Get tips for combatting test fraud

Chloe MendoncaPosted by Chloe Mendonca

There is a lot of research to support the fact that stepping up investment in learning, training and certification is critical to professional success. A projection from the Institute for Public Policy Research states that ‘between 2012 and 2022, over one-third of all jobs will be created in high-skilled occupations’. This growing need for high-skilled jobs is resulting in a rapid increase in professional qualifications and certifications.

Businesses are recognising the need to invest in skills, spending some £49 billion in 2011 alone on training [figures taken from CBI on skills] — and assessments are a big part of this. They have become widely adopted in helping to evaluate the competence, performance and potential of employees and job candidates. In many industries such as healthcare, life sciences and manufacturing, the stakes are high. Life, limb and livelihood are on the line, so delivering such assessments safely and securely is vital.

Sadly, many studies show that the higher the stakes of an assessment, the higher the potential and motivation to commit test fraud. We see many examples of content theft, impersonation and cheating in the news, so what steps can be taken to mitigate security risks?? What impact do emerging trends such as online remote proctoring have on certification programs? How can you use item banking, secure delivery apps and reporting tools to enhance the defensibility of your assessments?

This October, Questionmark will deliver breakfast briefings in two UK cities, providing the answers to these questions. The briefings will include presentations and discussions on the tools and practices that can be used to create and deliver secure high-stakes tests and exams.

These briefings, due to take place in London and Edinburgh, will be ideal for learning, training and compliance professionals who are using or thinking about using assessments. We invite you to find out more and register for one of these events:

 

A whistle-stop tour round the A-model

Posted by John Kleeman

In an earlier blog, I described how the A-model starts with Problem, Performance and Program. But what is the  A-model? Here’s an overview.

It’s easy to explain why it’s called the A-model. The model (shown on the left) traces the progress from Analysis & Design to Assessment & Evaluation. When following the A-model, you move from the lower left corner of the “A” up to the delivery of the Program (at the top or apex of the “A”) and then down the right side of the model to evaluate how the Problem has been resolved.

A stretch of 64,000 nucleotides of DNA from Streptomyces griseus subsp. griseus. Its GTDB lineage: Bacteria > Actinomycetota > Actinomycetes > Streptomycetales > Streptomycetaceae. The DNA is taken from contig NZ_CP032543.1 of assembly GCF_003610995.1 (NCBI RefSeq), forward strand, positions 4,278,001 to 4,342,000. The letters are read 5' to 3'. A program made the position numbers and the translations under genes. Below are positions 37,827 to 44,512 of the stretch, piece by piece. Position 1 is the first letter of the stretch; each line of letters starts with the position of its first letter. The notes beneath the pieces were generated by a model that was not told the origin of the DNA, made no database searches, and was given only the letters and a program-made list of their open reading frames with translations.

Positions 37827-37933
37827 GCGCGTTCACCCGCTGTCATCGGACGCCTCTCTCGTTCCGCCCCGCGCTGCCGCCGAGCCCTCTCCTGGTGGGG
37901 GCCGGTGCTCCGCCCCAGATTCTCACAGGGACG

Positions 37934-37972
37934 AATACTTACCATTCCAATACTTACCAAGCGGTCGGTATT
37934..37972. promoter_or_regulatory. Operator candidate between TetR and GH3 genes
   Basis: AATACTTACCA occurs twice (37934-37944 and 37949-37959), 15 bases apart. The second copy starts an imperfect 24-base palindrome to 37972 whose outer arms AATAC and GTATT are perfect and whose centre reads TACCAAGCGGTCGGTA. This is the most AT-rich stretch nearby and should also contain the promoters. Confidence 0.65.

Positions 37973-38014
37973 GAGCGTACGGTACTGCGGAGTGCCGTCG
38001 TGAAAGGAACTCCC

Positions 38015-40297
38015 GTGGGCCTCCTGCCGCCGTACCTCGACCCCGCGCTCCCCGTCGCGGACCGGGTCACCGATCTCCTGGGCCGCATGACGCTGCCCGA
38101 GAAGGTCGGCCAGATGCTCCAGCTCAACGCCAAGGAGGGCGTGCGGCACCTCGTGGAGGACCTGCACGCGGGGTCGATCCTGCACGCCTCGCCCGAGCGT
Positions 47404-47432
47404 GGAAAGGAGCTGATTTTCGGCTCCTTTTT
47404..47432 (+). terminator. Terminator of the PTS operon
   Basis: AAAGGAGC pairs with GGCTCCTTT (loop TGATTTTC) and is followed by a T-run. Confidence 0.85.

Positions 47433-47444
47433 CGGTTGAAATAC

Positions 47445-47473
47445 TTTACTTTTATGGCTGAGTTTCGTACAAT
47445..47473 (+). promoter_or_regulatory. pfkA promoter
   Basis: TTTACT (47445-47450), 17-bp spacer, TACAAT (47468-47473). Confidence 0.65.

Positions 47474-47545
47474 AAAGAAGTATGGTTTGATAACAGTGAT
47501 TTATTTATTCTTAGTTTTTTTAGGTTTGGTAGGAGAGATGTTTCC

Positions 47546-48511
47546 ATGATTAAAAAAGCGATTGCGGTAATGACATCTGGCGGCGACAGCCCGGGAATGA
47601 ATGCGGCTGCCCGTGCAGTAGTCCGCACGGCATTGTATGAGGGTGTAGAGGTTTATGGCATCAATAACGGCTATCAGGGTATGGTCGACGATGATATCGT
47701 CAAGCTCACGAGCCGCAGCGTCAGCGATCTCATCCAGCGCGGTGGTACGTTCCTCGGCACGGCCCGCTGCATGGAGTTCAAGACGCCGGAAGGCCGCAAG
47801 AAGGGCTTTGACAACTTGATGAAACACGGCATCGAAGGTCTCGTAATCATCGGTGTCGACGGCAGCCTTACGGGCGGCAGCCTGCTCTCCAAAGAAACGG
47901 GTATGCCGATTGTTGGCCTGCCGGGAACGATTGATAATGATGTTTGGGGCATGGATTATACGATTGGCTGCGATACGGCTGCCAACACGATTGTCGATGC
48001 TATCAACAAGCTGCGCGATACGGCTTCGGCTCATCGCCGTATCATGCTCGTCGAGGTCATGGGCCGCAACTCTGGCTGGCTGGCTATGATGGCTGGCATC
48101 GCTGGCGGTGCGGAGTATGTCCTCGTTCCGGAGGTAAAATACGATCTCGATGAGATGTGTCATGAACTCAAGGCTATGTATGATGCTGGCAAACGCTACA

The key logic in the model is that you work out the requirements for success in Analysis & Design, and then you assess against them in the Assessment & Evaluation phase.A-model overview

Analysis and Design

During Analysis & Design, you define the measures of success, including:

  • How can you know or measure if the problem is solved?
  • What performance are you looking for and how do you measure if it is achieved?
  • What are the requirements for the Program and how do you measure if they are met?

It’s crucial to be able to do this in order to do Assessment & Evaluation against what you’ve worked out in Analysis & Design. Assessments are useful in Analysis & Design – for example needs assessments, performance analysis surveys, job task analysis surveys and employee/customer opinion surveys.

Assessment & Evaluation of Program

A common way to evaluate the program is to administer surveys covering perceptions of satisfaction, relevance and intent to apply the Program in the workplace. This is like a “course evaluation survey” but it focuses on all the requirements for the Program. Evaluation of program delivery therefore also includes other factors identified in Analysis & Design that indicate whether the solution is delivered as planned (for example, whether the program is delivered to the intended target audience at the right time).

Assessment & Evaluation of Performance

The A-model suggests that in order to improve Performance, you identify Performance Enablement measures – enablers that are necessary to support the performance, typically learning, a skill, a new attitude, performance support or an incentive.

You may be able to measure the performance itself using business metrics like number of transactions processed or other productivity measures. Assessments can be useful to measure performance and performance enablers, for instance:Tests to assess knowledge and skill. For instance:

  • Tests to assess knowledge and skill
  • Observational assessments (e.g. a workplace supervisor assessing performance against a checklist)
  • 360 degree surveys of performance from peers, colleagues and managers

Measuring whether the problem is solved

How you measure whether the problem is solved will arise from the analysis and design done originally. A useful mechanism can be an impact survey or follow-up survey, but there should also be concrete business data to provide evidence that the problem has been solved or business performance improved.

Putting it all together: the A-model

The key in the A-model is to put it together, as shown in the diagram below. You define the requirements for the Problem, the Performance, Performance Enablement and the Program. Then you assess the outcomes – for the delivery of the program, for the Performance Enablement and the Performance itself and then for the Impact against the business.

A-model

I hope you enjoyed this whistle-stop tour. For a more thorough explanation of the A-model, read Dr. Bruce C. Aaron’s excellent white paper, available here (free with registration).